Greek fraternities and sororities have always had their place at large universities across the country, but many small, private colleges and universities have a rich history of Greek life, including Western New England University. While more prominent and pertinent in the early part of the 20th century, Greek Life had its heyday at Western New England during the 1930s through the 1970s.
Fraternities and sororities began as a vital thread in the social network for Western New England University when it was a commuter night school in the 1930s. The groups, however, became controversial by the 1970s, not only at Western New England University but nation wide, and were often criticized, and infrequently supported. The last social Greek organizations disbanded in 1995, leaving only academic Greek organizations, such as Alpha Lamba Delta, the University’s still active honor society.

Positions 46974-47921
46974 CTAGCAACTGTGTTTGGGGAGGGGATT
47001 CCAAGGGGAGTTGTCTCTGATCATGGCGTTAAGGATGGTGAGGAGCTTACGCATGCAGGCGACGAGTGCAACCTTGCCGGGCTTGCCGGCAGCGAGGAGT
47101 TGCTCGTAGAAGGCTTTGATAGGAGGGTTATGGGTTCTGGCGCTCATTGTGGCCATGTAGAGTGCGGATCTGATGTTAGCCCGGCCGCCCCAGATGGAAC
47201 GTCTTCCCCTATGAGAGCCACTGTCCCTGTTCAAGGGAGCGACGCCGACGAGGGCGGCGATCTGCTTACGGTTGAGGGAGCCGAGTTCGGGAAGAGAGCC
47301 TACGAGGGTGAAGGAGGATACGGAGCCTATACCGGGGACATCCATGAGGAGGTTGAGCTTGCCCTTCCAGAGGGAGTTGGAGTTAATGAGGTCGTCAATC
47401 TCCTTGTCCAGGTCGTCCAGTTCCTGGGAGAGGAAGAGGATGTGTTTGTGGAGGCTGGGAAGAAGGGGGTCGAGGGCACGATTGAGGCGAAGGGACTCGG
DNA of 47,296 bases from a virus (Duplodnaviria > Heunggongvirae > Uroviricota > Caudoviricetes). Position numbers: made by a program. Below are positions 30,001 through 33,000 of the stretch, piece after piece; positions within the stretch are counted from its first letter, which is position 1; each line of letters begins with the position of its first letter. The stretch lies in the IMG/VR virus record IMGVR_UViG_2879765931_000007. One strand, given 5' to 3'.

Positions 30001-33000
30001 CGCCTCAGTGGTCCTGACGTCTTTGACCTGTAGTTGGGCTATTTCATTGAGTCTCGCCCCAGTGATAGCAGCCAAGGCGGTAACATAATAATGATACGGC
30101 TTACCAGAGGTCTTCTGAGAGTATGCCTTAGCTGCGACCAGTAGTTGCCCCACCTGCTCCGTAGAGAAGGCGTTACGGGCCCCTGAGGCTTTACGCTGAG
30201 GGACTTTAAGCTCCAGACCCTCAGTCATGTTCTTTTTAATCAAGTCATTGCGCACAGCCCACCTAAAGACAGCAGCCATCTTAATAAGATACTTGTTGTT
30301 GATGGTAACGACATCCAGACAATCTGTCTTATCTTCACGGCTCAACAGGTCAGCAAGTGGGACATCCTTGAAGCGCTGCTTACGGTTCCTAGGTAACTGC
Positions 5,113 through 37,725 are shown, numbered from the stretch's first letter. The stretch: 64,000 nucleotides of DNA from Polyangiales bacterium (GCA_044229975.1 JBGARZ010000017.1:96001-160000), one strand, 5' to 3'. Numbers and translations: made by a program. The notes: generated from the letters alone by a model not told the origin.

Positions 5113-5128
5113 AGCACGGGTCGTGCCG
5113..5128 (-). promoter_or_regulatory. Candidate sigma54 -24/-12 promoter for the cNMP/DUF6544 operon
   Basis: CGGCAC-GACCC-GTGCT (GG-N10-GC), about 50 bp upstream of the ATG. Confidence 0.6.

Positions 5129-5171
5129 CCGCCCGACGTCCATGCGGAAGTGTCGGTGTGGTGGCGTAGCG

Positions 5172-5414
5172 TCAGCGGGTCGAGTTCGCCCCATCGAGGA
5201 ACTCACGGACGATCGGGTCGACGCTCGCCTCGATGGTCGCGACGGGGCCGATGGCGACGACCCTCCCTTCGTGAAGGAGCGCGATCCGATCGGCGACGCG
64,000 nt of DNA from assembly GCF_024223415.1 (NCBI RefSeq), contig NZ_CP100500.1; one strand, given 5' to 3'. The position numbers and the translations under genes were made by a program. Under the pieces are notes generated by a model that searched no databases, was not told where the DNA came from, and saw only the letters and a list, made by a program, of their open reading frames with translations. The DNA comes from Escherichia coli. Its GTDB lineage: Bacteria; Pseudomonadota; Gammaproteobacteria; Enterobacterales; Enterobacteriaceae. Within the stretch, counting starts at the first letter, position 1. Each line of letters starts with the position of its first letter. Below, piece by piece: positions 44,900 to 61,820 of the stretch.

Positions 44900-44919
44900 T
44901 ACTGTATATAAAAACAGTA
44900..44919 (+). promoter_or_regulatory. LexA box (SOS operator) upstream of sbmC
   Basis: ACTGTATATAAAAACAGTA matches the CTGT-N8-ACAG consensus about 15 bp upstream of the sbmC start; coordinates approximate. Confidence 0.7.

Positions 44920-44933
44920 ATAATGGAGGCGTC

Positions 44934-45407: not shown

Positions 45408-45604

Tracking social change through attitudes toward Greek organizations provides an interesting glimpse into how larger social issues affected students on the Western New England campus throughout the 20th century. Take a journey through the decades, and discover how students at Western New England University participated in, fought against, and rallied for, Greek Life on campus.